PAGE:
Rolls-Royce Donates Trent 1000 to NASA's Infinity Space Center

(Pearlington, Miss.) Rolls-Royce today announced the company is donating a Trent 1000 test engine to the INFINITY Science Center, located near NASA’s John C. Stennis Space Center in Hancock County, Mississippi.  The purpose of this donation is to excite visitors to the Center in STEM (Science Technology Engineering and Mathematics) careers by showing them the marvels of modern aviation engines. 

In 2007, Rolls-Royce officially opened its outdoor jet engine testing facility at the Stennis Space Center.  Today, the company announced expansion is nearly complete of a second test stand, resulting in a total investment of nearly $100 million when the second test stand is fully operational.  

We hope that visitors, young and old, will be inspired by the wonders of aviation, engineering and what it takes to build the cleanest, quietest, lightest and most efficient jet engines used in modern aviation today.” said Anthony Woodard, General Manager, Rolls-Royce Outdoor Jet Engine Testing Facility.  

Opened last year, the INFINITY Science Center’s goal is to inspire young minds to be a part of the nationally-critical research and technology being developed along the Southern Louisiana, Mississippi and the Alabama Gulf Coast.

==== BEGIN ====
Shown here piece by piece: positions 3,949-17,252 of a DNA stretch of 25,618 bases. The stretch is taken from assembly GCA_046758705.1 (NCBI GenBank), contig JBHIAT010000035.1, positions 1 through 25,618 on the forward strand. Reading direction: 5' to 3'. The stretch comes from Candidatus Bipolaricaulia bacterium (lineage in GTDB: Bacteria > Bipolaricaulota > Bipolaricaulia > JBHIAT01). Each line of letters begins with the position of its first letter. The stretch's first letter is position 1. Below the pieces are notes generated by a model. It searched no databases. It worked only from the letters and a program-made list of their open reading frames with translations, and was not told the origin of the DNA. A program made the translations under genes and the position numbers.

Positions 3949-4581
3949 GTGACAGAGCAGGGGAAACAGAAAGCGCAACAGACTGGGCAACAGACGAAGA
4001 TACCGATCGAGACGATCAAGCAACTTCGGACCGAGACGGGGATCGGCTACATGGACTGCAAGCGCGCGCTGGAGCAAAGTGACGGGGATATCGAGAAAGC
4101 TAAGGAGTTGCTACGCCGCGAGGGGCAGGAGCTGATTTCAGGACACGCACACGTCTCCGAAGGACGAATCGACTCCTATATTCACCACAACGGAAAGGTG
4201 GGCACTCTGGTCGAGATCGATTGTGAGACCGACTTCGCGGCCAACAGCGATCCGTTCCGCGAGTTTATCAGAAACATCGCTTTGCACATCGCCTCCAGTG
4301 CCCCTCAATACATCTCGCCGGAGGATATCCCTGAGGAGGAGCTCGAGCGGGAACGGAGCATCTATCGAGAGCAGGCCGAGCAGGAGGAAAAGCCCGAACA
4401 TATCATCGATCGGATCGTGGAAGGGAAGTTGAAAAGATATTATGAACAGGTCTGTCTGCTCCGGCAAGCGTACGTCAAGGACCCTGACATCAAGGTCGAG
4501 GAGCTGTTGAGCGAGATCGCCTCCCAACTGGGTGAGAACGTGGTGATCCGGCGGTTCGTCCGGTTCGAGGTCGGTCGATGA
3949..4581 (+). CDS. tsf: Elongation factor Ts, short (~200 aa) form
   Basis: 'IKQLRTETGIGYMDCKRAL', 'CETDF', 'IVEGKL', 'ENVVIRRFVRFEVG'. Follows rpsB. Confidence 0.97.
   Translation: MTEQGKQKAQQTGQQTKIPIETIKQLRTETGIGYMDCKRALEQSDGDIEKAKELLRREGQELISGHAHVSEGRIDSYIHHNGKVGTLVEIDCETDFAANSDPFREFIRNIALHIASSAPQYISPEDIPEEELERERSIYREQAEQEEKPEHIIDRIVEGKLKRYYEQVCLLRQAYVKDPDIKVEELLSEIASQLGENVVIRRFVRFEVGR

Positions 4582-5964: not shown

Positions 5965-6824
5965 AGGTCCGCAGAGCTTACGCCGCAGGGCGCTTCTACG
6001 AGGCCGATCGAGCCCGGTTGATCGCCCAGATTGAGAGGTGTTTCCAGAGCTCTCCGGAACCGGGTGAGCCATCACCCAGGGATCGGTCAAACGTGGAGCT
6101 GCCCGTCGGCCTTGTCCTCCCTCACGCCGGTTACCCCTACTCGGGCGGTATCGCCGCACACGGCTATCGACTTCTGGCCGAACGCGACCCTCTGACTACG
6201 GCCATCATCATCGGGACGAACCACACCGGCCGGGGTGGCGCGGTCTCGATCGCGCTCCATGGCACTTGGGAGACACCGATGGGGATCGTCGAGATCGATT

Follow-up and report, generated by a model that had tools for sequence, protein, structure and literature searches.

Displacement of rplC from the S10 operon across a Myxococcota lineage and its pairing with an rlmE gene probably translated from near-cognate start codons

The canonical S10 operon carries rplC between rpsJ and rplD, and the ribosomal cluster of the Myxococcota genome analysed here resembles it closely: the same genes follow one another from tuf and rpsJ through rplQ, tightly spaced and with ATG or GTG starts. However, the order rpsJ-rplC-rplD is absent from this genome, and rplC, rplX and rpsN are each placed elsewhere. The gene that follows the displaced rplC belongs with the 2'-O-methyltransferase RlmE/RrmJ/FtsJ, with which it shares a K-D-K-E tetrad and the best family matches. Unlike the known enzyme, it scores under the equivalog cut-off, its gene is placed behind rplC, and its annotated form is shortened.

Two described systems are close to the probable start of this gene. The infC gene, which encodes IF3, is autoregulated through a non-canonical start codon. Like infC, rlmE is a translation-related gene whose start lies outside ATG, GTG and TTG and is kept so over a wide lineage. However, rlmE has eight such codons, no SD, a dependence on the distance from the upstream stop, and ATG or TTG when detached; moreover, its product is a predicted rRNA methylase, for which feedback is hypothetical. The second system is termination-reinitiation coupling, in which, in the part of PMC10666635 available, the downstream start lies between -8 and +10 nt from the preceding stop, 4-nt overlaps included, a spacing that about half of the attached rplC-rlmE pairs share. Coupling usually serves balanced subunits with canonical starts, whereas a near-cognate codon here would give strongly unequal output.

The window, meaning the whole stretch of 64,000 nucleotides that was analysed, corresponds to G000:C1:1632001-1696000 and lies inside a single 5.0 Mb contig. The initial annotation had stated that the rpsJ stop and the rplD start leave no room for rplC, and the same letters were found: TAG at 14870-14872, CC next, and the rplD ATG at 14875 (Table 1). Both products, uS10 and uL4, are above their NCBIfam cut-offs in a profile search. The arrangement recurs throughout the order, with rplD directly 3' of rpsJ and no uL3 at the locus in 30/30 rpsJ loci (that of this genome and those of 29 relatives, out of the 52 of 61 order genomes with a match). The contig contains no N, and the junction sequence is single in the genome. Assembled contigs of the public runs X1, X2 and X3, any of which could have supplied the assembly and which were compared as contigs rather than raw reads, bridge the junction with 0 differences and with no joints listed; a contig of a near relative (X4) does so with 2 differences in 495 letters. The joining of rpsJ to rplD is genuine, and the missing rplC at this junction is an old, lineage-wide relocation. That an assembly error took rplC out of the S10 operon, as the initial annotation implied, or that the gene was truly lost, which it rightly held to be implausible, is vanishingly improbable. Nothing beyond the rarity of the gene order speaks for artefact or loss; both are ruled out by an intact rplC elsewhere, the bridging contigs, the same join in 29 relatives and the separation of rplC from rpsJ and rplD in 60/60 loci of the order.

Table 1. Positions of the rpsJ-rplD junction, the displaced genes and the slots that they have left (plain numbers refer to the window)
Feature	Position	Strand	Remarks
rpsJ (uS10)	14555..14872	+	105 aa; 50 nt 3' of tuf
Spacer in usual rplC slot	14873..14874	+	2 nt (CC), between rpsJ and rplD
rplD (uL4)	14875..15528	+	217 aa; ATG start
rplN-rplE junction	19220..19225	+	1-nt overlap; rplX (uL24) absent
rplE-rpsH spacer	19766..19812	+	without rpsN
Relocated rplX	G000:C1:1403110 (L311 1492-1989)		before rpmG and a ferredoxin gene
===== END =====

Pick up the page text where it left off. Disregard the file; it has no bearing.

John Wilson, INFINITY’s Executive Director said of the Center’s new exhibit:  “Imagine standing almost inside a nine foot, state-of-the-art aircraft engine. Unless you’re an aerospace engineer or an aircraft mechanic, that’s something you just can’t do anywhere else.”

This particular engine was used in the development of the Rolls-Royce Trent 1000 program. The Trent 1000 engine is designed to power all members of the Boeing 787 family (-8, -9 & -10) and will be certified up to 76,000 lbs of thrust with the capability of delivering 78,000 lbs. The first flight test of the Boeing 787-9, powered by the Trent 1000, took place on September 17 in Seattle, Wash.

This particular test program engine is known as “Engine - ESN 10017.”   Built in Derby, UK, after a series of preliminary tests, it was transported 4,500 miles to the Rolls-Royce Jet Outdoor Test Stand here, where it underwent analyses for flutter, crosswind and noise testing.  It later returned to the UK for more tests before successfully providing the company the test data needed to be certified. It amassed over 467 hours and 988 cycles.  Now retired, the engine is on display at the INFINITY Science Center.